According to current market rates, a floating home costs about $870/square meter to construct which is about N310,590/square meter (in the Nigerian currency $1=N357) (Ha, 2017). This is a high figure almost twice the cost of building on land (N150,000-N170,000/square meter) stated earlier and so is obviously beyond the financial reach of these people as they cannot even afford conventional dwellings which are cheaper.

From this analysis, it is obvious that although floating houses would help to reduce slums (the floating ones), it cannot be implemented without considering the concomitant challenge of the high cost. For this to be adopted in Lagos State, it would be necessary for further research into more affordable methods of its realization and possible intervention and participation of humanitarian bodies such as the UN. 

Can you live or work in a container?

Asides from floating houses, container houses are also gaining popularity as a form of adaptable architecture. It involves the adaptive reuse of old shipping containers previously used for cargo. This is an innovation that is in line with the green building agenda and is gaining popularity in the built environment today. Old shipping containers are now being converted to residences and offices; either as single dwellings or big complexes. (Belogolousky, 2018)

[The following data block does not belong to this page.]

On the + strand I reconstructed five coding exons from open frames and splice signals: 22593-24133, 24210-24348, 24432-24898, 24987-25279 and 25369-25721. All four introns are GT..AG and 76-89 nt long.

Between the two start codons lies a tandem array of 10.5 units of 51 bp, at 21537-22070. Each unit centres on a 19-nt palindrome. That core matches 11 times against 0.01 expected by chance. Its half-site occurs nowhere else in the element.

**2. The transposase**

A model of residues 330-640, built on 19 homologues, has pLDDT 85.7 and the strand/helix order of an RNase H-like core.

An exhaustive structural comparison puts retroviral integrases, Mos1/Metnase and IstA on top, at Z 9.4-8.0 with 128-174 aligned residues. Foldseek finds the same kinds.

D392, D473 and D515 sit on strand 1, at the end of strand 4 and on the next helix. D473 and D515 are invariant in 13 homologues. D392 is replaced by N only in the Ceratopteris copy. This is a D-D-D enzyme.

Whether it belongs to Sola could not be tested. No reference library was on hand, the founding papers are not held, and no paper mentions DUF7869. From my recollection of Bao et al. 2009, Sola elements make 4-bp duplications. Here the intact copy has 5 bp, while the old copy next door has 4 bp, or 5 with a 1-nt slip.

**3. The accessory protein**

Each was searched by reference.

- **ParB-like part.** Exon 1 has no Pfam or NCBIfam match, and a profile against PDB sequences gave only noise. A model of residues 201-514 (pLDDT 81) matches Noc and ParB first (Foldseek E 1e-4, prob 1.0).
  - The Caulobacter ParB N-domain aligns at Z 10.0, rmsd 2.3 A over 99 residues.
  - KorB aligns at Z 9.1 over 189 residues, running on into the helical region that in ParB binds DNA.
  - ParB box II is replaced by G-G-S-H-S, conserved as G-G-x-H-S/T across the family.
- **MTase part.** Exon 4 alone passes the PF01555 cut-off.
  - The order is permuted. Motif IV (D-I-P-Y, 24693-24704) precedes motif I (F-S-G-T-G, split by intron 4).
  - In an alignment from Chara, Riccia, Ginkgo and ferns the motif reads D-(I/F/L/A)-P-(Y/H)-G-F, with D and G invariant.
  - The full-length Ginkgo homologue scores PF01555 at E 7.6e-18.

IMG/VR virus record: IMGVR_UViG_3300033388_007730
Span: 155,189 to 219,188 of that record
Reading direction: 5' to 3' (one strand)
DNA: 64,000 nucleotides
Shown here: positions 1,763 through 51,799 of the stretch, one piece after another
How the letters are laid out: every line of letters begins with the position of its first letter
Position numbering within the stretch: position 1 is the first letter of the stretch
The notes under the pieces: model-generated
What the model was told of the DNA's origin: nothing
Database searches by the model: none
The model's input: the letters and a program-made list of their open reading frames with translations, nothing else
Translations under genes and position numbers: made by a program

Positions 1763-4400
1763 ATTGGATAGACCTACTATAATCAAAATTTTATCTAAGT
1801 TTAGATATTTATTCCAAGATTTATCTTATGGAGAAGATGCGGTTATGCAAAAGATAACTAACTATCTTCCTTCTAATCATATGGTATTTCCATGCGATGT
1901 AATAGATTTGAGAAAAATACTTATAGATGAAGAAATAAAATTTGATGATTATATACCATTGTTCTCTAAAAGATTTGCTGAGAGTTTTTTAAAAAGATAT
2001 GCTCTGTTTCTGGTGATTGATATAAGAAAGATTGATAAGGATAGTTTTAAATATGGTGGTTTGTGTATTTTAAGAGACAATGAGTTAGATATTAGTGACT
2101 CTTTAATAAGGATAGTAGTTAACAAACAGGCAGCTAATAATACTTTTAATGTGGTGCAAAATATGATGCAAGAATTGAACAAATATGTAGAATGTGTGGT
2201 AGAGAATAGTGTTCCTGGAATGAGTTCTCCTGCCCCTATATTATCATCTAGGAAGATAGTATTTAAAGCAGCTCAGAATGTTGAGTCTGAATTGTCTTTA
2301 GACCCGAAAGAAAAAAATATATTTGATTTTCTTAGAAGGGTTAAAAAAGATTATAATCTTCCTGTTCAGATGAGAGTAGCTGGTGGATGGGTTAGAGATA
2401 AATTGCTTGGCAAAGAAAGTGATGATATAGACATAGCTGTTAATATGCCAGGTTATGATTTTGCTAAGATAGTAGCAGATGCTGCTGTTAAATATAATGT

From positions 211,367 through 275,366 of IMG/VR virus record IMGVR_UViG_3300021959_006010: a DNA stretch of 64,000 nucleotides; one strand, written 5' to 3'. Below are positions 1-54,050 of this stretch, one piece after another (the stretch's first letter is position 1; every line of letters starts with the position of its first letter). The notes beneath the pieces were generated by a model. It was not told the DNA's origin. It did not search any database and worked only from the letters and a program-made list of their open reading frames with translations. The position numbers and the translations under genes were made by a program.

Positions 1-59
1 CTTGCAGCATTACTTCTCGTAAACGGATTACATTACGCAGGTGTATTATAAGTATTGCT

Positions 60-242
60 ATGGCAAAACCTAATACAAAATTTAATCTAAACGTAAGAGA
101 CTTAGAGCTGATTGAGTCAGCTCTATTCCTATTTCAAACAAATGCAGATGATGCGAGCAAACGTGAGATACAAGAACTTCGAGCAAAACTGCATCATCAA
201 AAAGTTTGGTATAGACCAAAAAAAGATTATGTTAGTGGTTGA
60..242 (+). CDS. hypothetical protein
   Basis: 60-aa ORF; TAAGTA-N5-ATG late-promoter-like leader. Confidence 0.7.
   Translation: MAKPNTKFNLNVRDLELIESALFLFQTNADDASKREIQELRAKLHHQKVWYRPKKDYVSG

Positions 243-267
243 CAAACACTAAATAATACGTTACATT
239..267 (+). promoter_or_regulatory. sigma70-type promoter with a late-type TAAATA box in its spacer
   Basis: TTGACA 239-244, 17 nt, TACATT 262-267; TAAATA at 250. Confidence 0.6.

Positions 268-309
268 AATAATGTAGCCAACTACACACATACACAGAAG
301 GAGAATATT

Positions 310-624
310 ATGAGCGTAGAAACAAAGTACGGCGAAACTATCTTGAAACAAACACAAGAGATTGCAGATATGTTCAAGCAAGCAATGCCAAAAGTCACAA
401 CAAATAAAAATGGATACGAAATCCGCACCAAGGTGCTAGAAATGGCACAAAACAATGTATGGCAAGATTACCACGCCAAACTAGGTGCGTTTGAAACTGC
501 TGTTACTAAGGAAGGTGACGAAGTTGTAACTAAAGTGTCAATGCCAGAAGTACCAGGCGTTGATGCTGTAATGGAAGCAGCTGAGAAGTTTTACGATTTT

Lagos is also not a stranger to this as shipping containers are beginning to be adapted for use as office suites and site offices although there is still a huge gap to be filled before its widespread use for residential purposes. According to Dele Ladipo of TempoHousing, container houses are about 25-30% cheaper than using traditional construction methods which makes them more affordable. In addition to this, they require a very short time for construction- about 6-9 days as opposed to 6-9 months required for construction using conventional (block and mortar methods). This means that the housing deficit reduced within a shorter time interval.  (Reuters, 2015).

PUMA City Shipping Container Retail/Events Building by LOT-EK

Despite the pros of this housing methods, a few disadvantages have been brought to light with a focus on the health and safety of the occupants. Lagos is located near the equator with an annual temperature high of about 29˚C. This means that the container would need to be kept cool for the comfort of the occupants. To tackle this, insulation panels would be used to help keep the internal conditions cool other passive cooling means such as cross ventilation and shading devices could also be implemented. Asides from this, there is the challenge of manpower as this is not a common housing method and so it may be a bit difficult to find trained workers able to refurbish shipping containers for habitation (Ismail et al., 2015).

Talking to the Practitioners